Not our place to pronounce

The Gazette (Montreal, Quebec)
April 24, 2004 Saturday Final Edition

Not our place to pronounce

Tragedy is a cheater word, usually deployed to evade a charge of
guilt while recognizing the deplorable character of an event or
situation. What happened to the Armenians in 1915 was a tragedy and
more. Few independent historians disagree with this. The body count
runs as high as 1.5 million.

But must the Parliament of Canada pronounce on the subject, as they
did Wednesday? Do the votes of MPs who know nothing of the history of
Asia Minor really matter?

There is a place for parliamentary resolutions on current affairs
abroad and even on historical affairs at home. It was natural for
Japanese Canadians to seek moral and monetary redress for their
incarceration during the Second World War. Louis Riel remains a
perennial object of newspaper copy parliamentary attention. He was,
after all, a Canadian.

On the subject of the Armenian genocide, however, we believe our
lawmakers have the right, and perhaps the obligation, to remain
silent. As hideous as this episode was, it was not unique in the
annals of human conflict. If Parliament speaks on this issue, why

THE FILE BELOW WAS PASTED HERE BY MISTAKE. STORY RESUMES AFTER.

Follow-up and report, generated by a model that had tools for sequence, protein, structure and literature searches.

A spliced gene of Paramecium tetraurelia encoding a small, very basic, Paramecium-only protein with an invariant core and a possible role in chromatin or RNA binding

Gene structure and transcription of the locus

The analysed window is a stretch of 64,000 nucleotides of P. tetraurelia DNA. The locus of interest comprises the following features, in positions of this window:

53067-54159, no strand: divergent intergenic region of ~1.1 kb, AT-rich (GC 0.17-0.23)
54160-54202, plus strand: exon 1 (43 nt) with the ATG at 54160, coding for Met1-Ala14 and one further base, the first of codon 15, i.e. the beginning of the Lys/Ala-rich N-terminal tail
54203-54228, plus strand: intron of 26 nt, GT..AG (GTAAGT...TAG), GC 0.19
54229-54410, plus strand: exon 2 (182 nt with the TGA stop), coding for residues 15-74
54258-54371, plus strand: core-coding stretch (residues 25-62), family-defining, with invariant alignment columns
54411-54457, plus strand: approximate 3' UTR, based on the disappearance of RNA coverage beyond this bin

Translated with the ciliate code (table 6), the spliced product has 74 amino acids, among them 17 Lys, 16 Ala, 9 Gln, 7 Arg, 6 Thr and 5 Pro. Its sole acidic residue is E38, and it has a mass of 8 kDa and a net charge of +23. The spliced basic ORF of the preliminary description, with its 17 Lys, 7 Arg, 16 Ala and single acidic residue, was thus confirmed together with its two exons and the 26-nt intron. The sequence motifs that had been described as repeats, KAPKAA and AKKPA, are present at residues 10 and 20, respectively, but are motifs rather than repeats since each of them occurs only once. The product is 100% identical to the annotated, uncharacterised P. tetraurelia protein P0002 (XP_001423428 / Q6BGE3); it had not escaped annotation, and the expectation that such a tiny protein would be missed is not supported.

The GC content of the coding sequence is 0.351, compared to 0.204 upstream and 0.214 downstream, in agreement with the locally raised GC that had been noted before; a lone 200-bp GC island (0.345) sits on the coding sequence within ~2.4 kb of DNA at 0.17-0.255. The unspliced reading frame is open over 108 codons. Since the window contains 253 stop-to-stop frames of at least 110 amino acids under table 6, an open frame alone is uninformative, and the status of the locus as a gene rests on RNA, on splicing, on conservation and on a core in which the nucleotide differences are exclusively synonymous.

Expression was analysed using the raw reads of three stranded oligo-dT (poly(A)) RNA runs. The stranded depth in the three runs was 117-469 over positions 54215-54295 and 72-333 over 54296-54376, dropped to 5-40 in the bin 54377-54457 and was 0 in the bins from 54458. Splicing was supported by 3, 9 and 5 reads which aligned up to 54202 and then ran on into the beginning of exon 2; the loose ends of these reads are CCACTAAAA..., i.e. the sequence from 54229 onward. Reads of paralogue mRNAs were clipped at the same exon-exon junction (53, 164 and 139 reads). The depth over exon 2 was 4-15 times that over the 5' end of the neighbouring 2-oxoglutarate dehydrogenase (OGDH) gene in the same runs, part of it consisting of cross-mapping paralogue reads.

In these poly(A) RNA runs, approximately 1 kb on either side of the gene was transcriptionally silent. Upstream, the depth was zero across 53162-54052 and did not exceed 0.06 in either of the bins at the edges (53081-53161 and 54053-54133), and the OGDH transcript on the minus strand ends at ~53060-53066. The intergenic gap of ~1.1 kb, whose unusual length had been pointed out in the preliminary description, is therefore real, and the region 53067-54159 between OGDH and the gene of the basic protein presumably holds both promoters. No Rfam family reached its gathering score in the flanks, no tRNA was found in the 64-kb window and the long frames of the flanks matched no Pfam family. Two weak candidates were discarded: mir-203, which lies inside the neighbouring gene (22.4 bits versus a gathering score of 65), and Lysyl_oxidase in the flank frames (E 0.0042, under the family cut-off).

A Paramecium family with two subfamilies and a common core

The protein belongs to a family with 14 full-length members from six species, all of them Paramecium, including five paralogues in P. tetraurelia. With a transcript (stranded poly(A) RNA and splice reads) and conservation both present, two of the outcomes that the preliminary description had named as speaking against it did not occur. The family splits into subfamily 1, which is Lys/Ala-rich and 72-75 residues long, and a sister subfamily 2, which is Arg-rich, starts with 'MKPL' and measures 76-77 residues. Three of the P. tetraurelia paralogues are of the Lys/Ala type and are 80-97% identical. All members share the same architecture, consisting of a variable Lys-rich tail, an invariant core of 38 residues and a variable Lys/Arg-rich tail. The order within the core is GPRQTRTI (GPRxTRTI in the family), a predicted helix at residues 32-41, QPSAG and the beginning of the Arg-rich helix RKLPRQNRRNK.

should it remain silent on others?

It is obvious that Armenian Canadians care deeply about their past.
Turks are no less passionate. This is an excellent reason for
Parliament to keep its distance from this and all such debates.

From: Emil Lazarian | Ararat NewsPress

Emil Lazarian

“I should like to see any power of the world destroy this race, this small tribe of unimportant people, whose wars have all been fought and lost, whose structures have crumbled, literature is unread, music is unheard, and prayers are no more answered. Go ahead, destroy Armenia . See if you can do it. Send them into the desert without bread or water. Burn their homes and churches. Then see if they will not laugh, sing and pray again. For when two of them meet anywhere in the world, see if they will not create a New Armenia.” - WS